Australia: An overview of 20 years of research into the recognition of Prior Learning (RPL)
KeywordsRecogniton of prior learning (RPL)
Informal, non formal and formal learning
Mature aged jobseekers
Educational Assessment, Evaluation, and Research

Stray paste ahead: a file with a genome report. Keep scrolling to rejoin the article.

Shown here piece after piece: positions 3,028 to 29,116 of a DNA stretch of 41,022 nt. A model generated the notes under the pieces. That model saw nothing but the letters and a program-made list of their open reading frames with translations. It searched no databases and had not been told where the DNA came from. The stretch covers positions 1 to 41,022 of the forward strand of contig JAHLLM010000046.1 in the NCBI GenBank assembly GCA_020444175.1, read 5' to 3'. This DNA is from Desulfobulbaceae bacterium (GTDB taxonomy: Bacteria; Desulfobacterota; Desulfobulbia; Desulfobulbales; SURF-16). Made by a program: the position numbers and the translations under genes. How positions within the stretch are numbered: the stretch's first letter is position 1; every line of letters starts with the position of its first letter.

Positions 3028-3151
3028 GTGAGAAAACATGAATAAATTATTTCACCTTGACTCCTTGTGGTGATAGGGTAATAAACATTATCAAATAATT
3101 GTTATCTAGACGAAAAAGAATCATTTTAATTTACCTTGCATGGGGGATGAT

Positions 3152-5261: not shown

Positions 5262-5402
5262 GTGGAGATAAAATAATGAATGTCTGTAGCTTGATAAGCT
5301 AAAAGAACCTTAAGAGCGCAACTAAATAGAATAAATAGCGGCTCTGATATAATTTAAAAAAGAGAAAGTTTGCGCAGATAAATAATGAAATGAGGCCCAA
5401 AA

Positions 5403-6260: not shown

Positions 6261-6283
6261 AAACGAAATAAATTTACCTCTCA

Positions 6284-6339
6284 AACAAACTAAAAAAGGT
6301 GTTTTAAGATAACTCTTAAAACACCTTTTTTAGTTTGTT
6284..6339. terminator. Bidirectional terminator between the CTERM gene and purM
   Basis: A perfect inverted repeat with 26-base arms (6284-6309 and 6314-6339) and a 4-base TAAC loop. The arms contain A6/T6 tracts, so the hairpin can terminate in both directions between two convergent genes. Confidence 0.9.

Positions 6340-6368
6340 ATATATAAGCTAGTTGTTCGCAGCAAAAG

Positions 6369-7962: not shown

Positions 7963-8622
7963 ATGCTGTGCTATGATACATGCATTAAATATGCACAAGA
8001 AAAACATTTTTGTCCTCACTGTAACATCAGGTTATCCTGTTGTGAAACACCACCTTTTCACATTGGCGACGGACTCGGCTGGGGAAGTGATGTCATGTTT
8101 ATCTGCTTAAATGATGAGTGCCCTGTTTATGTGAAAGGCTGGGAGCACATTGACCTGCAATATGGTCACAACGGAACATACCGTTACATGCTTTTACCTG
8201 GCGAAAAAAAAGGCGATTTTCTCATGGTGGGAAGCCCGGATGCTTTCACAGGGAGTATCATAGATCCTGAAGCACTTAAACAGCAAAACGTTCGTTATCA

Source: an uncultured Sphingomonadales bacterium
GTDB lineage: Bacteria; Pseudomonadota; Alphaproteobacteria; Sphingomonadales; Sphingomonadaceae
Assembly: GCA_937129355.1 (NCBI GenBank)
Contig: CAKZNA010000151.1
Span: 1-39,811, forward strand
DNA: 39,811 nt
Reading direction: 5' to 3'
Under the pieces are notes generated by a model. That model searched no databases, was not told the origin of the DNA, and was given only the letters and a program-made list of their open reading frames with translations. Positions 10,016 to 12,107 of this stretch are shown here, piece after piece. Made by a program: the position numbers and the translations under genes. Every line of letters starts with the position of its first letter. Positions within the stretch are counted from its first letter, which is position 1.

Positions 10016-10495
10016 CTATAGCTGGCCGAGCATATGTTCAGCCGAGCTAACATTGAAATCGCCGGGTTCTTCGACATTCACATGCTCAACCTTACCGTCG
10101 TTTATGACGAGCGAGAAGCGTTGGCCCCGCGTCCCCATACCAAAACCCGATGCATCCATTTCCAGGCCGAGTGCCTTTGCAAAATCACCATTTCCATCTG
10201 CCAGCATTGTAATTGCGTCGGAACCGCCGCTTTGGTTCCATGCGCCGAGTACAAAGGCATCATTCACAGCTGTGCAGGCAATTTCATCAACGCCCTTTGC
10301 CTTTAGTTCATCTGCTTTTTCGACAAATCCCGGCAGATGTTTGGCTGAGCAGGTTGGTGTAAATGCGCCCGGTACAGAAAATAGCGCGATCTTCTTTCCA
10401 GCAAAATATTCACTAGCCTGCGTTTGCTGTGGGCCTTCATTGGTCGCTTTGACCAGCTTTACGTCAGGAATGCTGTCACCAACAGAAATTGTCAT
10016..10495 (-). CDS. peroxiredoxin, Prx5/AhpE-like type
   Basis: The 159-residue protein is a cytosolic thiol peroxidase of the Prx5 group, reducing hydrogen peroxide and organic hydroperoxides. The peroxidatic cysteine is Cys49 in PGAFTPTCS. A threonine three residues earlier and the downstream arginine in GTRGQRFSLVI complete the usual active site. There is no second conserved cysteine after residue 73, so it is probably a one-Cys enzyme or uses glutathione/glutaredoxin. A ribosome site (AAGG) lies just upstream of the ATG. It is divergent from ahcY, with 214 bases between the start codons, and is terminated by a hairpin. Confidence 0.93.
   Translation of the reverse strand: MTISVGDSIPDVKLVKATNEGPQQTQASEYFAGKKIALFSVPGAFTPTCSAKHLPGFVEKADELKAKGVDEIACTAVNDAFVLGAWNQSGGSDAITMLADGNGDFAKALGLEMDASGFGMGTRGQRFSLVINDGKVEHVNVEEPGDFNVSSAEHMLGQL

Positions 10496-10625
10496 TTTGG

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AbstractAustralia introduced the Recognition of Prior Learning (RPL) as part of a national training reform agenda that included the introduction of a competency-based vocational education and training system, a national qualification system and training packages. RPL is now a standard and requirement of any offering of accredited training that is embedded in the Australian Qualifications Framework (AQF). As time has progressed and RPL policy and practice has evolved it has become more central to the vocational education and training (VET) sector than any other post-compulsory educational sector. RPL is also a growing activity outside the education sector, impacting on human capital and workforce development policy and initiatives. The Australian government’s current policies related to reforms in higher education, the social inclusion agenda (specifically in relation to education) and workforce development (including skilled migration) may see even greater impetus for RPL activity across educational sectors and within workplaces. In terms of research, there is a body of literature reporting on policy and implementation issues (drivers, benefits and barriers), case studies and a smaller sub-set of literature related to workplace skills recognition. New areas of research interest are emerging regarding building RPL practitioner capabilities and using Web 2.0 technologies and digital media. The RPL research community is small and very little of the RPL literature engages critically with the theoretical underpinnings of RPL. Nonetheless, a small number of commentators/researchers have identified gaps and directions for future research.